Mighty offers a 5-point strategy that it says could mitigate the meat industry’s impact on the Midwest’s environment while reducing those Gulf algae blooms. First, “pollution-free” feed is a start. By Mighty’s definition, this tactic goes beyond monitoring nitrogen and phosphorous levels. Ensuring soil health by preventing erosion and restoring “buffer” areas such as grasslands and wetlands around farms and waterways are also important steps.
In addition, the report’s authors suggest moving away from monoculture farms and encourage farmers to raise other grains such as oats, wheat and barley. The NGO claims such tactics can improve soil quality while also improving the health of livestock by providing them a more diversified diet.
Next is a buzzword that is sure to start a stink: “responsible manure management.” Instead of storing animal waste in ponds or lagoons, Mighty says it behooves companies such as Tyson to work with their supply chains and find alternative ways to reduce the environmental impact of manure (one dairy farmer in California, for example, has long used manure for renewable power via an anaerobic digester). Whether these large companies will help fund this projects for their suppliers, who often operate on thin margins, is a huge open question.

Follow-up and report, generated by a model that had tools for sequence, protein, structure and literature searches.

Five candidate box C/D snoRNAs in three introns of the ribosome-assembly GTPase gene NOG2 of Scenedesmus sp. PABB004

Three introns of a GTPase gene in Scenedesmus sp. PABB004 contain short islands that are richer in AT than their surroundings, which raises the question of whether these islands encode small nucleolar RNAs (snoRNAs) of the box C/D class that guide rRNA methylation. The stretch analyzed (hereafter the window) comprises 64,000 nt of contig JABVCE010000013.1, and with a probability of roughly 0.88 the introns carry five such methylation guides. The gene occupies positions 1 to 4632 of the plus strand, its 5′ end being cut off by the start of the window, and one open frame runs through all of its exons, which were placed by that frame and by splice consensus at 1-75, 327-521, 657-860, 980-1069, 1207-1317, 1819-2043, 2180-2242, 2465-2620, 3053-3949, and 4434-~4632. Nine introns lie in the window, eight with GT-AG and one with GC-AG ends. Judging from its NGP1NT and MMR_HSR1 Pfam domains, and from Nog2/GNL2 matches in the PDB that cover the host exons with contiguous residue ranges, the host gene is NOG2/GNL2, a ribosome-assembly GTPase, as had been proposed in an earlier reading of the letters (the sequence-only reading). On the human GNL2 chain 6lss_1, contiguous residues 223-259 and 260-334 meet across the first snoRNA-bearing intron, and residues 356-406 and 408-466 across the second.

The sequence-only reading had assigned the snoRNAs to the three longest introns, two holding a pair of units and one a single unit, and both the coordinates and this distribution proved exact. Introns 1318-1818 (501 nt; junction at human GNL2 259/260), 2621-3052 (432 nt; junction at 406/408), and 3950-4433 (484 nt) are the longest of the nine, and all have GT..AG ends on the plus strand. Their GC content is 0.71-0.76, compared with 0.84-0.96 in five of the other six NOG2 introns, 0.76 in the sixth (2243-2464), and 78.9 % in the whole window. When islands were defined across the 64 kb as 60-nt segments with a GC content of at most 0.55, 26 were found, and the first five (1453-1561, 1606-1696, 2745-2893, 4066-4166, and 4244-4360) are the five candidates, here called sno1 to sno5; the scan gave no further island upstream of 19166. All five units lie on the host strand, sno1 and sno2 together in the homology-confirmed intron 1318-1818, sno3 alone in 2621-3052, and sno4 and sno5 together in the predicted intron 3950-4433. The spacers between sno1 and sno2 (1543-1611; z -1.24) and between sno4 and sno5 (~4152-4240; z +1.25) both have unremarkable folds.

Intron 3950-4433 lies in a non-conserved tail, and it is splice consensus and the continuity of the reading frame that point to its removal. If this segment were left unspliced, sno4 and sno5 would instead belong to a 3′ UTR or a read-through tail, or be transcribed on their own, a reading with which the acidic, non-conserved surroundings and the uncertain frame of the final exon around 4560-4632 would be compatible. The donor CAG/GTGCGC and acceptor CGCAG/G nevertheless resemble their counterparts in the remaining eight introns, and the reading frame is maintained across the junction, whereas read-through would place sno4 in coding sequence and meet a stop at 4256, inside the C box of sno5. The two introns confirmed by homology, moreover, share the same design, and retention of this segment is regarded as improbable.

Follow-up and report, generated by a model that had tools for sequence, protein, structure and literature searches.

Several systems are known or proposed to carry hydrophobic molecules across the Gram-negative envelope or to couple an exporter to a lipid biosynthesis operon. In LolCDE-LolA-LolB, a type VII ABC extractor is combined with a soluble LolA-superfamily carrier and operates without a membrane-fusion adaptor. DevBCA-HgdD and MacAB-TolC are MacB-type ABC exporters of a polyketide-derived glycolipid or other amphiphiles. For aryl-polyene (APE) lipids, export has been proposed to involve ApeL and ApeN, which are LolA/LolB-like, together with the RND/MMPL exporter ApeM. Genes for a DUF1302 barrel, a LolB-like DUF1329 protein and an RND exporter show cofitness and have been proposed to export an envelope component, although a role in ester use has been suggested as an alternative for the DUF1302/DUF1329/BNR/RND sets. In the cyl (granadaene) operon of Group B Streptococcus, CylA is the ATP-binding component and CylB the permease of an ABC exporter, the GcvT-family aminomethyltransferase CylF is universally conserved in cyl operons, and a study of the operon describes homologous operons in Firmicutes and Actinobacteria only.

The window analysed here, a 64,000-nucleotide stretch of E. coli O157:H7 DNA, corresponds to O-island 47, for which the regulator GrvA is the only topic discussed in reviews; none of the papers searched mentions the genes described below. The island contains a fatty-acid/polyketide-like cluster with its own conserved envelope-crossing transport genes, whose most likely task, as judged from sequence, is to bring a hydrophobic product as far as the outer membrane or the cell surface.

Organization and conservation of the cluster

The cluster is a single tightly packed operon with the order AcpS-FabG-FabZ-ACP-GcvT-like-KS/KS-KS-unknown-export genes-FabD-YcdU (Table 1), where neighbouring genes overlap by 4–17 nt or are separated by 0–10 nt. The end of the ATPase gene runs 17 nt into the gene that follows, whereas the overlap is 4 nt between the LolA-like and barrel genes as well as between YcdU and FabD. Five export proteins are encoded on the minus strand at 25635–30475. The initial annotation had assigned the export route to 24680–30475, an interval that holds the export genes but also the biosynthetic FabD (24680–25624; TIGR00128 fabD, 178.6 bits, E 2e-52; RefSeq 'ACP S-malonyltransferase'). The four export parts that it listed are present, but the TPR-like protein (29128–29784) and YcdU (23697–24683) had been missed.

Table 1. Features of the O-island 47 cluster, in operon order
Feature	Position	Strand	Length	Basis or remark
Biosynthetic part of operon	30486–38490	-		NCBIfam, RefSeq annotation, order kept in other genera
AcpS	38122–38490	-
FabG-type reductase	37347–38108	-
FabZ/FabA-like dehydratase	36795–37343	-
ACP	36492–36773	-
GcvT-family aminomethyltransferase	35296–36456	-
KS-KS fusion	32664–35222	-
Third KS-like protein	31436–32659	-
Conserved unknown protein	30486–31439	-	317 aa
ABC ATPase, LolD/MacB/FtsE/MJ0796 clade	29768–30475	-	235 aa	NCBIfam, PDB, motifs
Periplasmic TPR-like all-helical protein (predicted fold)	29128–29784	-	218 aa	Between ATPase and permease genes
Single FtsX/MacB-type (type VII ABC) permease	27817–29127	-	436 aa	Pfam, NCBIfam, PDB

Finally, Mighty is asking companies to adopt a one-two punch to ensure their operations and supply chains are more sustainable. Companies could pledge not to source from suppliers found to cause damage to ecosystems across the U.S. prairies - similar to declarations made by firms to stop relationships with companies that have been responsible for deforestation in regions such as Latin America and Southeast Asia. Such policies tie in to the fifth and final suggestion: more transparency so that these companies’ stakeholders and their suppliers can see in real time the effects these companies are having in the areas and communities in which they operate.
Image credit: Aaron Carlson/Flick
Leon Kaye has written for 3p since 2010 and become executive editor in 2018. His previous work includes writing for the Guardian as well as other online and print publications. In addition, he's worked in sales executive roles within technology and financial research companies, as well as for a public relations firm, for which he consulted with one of the globe’s leading sustainability initiatives. Currently living in Central California, he’s traveled to 70-plus countries and has lived and worked in South Korea, the United Arab Emirates and Uruguay.
Leon’s an alum of Fresno State, the University of Maryland, Baltimore County and the University of Southern California's Marshall Business School. He enjoys traveling abroad as well as exploring California’s Central Coast and the Sierra Nevadas.